I’ve written before about Loewen’s take on history as presented to American students, but in Lies Across America he’s taken on the other history texts that we see all around us. They’re ubiquitous (except, apparently, in Maine), sometimes invisible, sometimes easily overlooked, sometimes a destination for interested visitors. These are the monuments, roadside signs and historic sites that personalize and define American history for many.
Loewen points out that these sites fall into two categories, which he calls sasha and zamani. (If you want a terrific fiction take on the same idea, try Kevin Brockmeier’s Brief History of the Dead.) Sasha essentially means people or events retained in the memory of the living; zamani denotes events or people that occurred before anyone currently living could have experienced. The monument to Arthur Ashe is an example of sasha: there are plenty of people who remember him firsthand. A statue closer to home is zamani – no one living ever encountered Norbert Berkeley. There’s another aspect to these sites, which falls into the zamani realm – who controlled the landscape when the memorial was established?
There are some extreme examples of this: a monument to the Confederacy where there was zero link to the War? The National Mining Hall of Fame and Museum that doesn’t have any actual, you know, miners? Plantation houses all across the South that talk about the design of the silverware, but never mention the people who did the work that produced the income to buy that silverware?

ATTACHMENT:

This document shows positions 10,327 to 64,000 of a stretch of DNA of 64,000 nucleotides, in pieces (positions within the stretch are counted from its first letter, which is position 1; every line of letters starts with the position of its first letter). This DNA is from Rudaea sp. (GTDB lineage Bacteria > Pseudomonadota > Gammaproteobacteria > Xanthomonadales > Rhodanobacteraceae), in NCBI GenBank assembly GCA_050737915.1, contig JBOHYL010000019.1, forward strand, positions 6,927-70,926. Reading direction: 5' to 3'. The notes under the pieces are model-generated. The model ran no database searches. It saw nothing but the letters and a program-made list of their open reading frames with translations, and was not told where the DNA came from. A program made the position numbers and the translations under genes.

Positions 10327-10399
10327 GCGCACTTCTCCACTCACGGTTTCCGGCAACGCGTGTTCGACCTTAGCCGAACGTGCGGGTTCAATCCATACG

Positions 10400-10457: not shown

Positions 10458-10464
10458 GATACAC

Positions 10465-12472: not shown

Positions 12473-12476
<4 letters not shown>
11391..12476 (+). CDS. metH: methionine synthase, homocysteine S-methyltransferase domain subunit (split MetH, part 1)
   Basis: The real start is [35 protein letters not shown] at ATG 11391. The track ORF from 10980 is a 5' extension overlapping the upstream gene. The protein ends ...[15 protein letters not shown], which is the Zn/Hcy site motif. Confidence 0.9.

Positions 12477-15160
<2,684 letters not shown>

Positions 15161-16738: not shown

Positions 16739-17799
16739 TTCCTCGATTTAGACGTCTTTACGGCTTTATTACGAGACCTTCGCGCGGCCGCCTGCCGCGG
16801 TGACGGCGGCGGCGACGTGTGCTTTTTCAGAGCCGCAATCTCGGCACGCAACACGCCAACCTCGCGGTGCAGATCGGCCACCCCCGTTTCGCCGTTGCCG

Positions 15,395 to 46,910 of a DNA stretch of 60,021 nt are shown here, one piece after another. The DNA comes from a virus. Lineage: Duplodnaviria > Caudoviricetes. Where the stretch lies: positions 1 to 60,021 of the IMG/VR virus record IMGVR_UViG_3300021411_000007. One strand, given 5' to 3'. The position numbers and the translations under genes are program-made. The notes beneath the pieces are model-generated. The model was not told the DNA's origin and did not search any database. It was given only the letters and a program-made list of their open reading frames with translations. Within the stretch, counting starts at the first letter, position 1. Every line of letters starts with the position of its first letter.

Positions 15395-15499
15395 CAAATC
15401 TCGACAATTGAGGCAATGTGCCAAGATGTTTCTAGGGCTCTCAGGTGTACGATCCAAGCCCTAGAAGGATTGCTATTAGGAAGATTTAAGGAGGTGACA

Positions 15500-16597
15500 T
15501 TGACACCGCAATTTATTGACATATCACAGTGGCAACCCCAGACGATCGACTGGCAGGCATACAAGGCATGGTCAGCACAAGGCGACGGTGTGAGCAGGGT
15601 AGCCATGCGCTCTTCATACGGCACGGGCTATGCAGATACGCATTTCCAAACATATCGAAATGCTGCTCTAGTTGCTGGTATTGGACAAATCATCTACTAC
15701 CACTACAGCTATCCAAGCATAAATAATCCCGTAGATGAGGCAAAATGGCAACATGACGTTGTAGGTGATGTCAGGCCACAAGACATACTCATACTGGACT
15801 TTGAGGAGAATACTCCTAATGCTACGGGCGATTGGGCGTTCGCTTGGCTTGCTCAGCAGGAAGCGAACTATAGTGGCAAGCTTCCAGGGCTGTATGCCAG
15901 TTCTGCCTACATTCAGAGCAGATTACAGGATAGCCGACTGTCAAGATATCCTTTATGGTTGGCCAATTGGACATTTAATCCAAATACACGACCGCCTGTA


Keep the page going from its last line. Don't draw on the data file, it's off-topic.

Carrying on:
More common are the roadside signs that leave you scratching your head. (As an inveterate reader of those black-on-pewter signs, I can’t tell you how many times I’ve done a U-turn, parked in a questionable spot, then scratched my head at the astonishingly vague text.) “One mile north of here the Whitaker house was built.” When? Why? By whom? If Mr. Whitaker did it, did his wife help? Were there slaves? Was it built in a special way with special materials? Where can I find more? Plus, these signs are nearly always written in a generic passive voice that deliberately deflects reflection on any deeper topic.
Loewen couldn’t visit every historical marker or monument in even one state, much less in the country, but was able to read an enormous proportion of them. He offers a set of penetrating questions to ask when visiting historical sites, most guaranteed to put docents on the spot; if they can’t answer those questions, perhaps it will trigger a reexamination by the site’s managers. He also offers a tongue-in-cheek alternate for the proliferation of roadside markers.
The book is structured so that each entry is self-contained, with footnotes and a complete list of the sources that Loewen used to critique the 100 entries he limited himself to. He also cross-references entries with the same topics or themes, which means a reader can bounce around without losing interest, then go back and read new material with a fresh perspective. Best of all, he is able to balance outrage over the hijacking of history with humor, making this a great resource for teaching students how to critically evaluate what they read and hear from history.
Check the WRL catalog for Lies Across America